Image courtesy of: Zimbio
The decision to leave Mohammad Amir out of Pakistan’s World Cup squad has divided opinion, with some saying the right move was made, while others feel the selectors made a grave mistake.
The left-arm seamer has been in woeful form in ODIs since the conclusion of the Champions Trophy in June 2017 as he has only taken five wickets in 14 matches at an average of 92.60.
While snubbing Amir for the quadrennial event is controversial to say the least, let’s have a look at what former and current Pakistan players had to say about the 27-year-old before the decision was made.
The legendary left-arm fast bowler seemed to be leaning in the direction of picking Amir for the World Cup as earlier this month, he said that the fellow left-armer was “still one of the best bowlers we have”.
Akram admitted that Amir’s lack of wickets was a problem, but he felt that the 27-year-old could have bounced back at any time.
“Someone tell me is there a good bowler who we haven’t seen yet? OK, Amir has taken four wickets in 14 matches, but he’s still one of the best bowlers we have. He can swing the ball, he’s just not getting wickets,” Akram had said.
The former Pakistan captain made it abundantly clear that it would be a huge mistake to drop Amir for the World Cup.
“You cannot ignore him as he is still the most skillful bowler with the new ball for Pakistan,” Ramiz had said.
He added that Amir would have been useful against teams like India as he has the ability to cause problems by bringing the new ball in.
“I would still take an outside chance and would include Mohammad Amir because he is still a big match performer,” Ramiz said. “As you know, our biggest match would be against India, and against the arch rivals we need a bowler who can bring the ball inwards with the new ball.”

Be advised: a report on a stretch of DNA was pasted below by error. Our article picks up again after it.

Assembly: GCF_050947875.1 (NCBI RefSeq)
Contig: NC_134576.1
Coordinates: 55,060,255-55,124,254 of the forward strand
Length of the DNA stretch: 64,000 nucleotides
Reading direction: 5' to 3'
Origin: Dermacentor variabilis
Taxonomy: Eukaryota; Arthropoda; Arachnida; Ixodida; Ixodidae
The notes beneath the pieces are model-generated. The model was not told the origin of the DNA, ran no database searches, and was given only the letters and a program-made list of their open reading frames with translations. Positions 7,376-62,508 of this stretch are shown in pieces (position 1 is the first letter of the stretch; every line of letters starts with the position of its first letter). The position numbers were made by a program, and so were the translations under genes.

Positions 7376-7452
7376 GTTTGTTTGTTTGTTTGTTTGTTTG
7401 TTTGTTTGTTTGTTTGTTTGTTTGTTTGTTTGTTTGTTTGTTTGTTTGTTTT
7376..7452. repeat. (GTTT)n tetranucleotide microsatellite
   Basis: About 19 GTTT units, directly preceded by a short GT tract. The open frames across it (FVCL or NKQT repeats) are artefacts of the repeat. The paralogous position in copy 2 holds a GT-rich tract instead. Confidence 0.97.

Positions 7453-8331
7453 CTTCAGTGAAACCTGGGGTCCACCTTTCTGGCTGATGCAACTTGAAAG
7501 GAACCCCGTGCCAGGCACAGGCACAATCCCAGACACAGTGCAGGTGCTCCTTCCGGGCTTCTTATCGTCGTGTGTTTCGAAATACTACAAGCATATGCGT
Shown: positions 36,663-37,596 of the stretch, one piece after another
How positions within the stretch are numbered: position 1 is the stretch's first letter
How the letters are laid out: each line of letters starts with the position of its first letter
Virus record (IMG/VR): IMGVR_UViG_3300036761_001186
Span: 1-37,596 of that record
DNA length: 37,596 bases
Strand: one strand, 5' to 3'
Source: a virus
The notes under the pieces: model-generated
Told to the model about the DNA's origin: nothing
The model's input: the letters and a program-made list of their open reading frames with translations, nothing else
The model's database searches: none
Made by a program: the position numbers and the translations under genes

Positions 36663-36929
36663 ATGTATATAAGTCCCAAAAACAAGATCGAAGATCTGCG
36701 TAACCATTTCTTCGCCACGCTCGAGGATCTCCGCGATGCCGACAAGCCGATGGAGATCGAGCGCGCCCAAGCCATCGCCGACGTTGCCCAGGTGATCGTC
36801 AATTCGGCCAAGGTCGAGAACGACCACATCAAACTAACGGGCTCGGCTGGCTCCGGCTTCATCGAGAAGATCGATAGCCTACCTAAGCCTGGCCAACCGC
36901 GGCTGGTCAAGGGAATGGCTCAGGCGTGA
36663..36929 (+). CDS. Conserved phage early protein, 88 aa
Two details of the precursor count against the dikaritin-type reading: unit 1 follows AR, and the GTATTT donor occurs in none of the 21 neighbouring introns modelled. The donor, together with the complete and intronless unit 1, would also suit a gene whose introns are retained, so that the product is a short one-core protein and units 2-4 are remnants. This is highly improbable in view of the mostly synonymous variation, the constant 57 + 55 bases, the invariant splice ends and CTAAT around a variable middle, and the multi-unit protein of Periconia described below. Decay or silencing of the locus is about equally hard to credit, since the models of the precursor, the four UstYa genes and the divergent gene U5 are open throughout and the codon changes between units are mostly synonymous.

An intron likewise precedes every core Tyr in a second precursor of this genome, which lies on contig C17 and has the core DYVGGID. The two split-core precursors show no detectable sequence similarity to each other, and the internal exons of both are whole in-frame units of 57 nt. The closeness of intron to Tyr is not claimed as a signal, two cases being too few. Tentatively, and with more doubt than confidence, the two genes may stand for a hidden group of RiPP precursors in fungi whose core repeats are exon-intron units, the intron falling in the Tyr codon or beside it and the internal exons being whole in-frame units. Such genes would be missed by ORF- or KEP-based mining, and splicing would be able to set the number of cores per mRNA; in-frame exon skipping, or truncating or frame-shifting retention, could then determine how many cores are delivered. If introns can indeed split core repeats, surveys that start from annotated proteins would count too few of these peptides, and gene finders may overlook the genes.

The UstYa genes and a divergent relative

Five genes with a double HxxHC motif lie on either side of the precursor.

The Pakistan captain initially seemed to criticise the 27-year-old, saying that he needed to focus more on his cricket as he wasn’t doing the job that was required of him as a frontline bowler.
“I feel that Mohammad Amir will have to focus more towards cricket,” Sarfraz had said. “He is a good and talented bowler and in the T20 format he is an excellent bowler.
“So he is good in four overs but he will need to focus on 10 overs also as there you have to usually bowl in three spells; In contrast, in T20 for four overs the bowler puts all his effort.
“So he will have to put in more hard work and be more focused. His issue is that he is bowling well but not able to take wickets and is not getting the right results.”
However, just a couple of days later, he changed his tune and said that Amir was capable of regaining his form with the ball.
“It is true that Amir is not able to take wickets, but as a captain I believe that he has been bowling well but unfortunately has is not getting the results,” he said. “However, Amir is a player that has the ability to make a good comeback, obviously we [will] talk to him and try to identify the flaws.”
The ex-Pakistan seamer felt that the blame for Amir’s struggles should also fall on the team management as they had not succeeded in changing his fortunes for the better.
“His wicket-taking ability is being questioned continuously. The team management should resolve his problems,” Jalaluddin had said. “He has been part of the national team for many months but so far the team management has failed to get him to perform to the best of his abilities.”
In an almost scary foreshadowing of what happened when the World Cup squad was announced, chief selector and former Pakistan captain Inzamam-ul-Haq said that Amir was no longer an “automatic selection” back in March.
Inzamam obviously had a large say in whether Amir would have been picked for the showpiece event, and felt that the 27-year-old was just not up to the mark as he had been given ample opportunities to make his presence felt.
“Amir might not be an automatic selection at this stage but he is a very good bowler and there is no doubt it,” Inzamam had said. “If a senior bowler like him looks out of form, off-colour, it’s a worry for us. He is a big-occasion bowler and we need to have a bowler like him in our armoury.”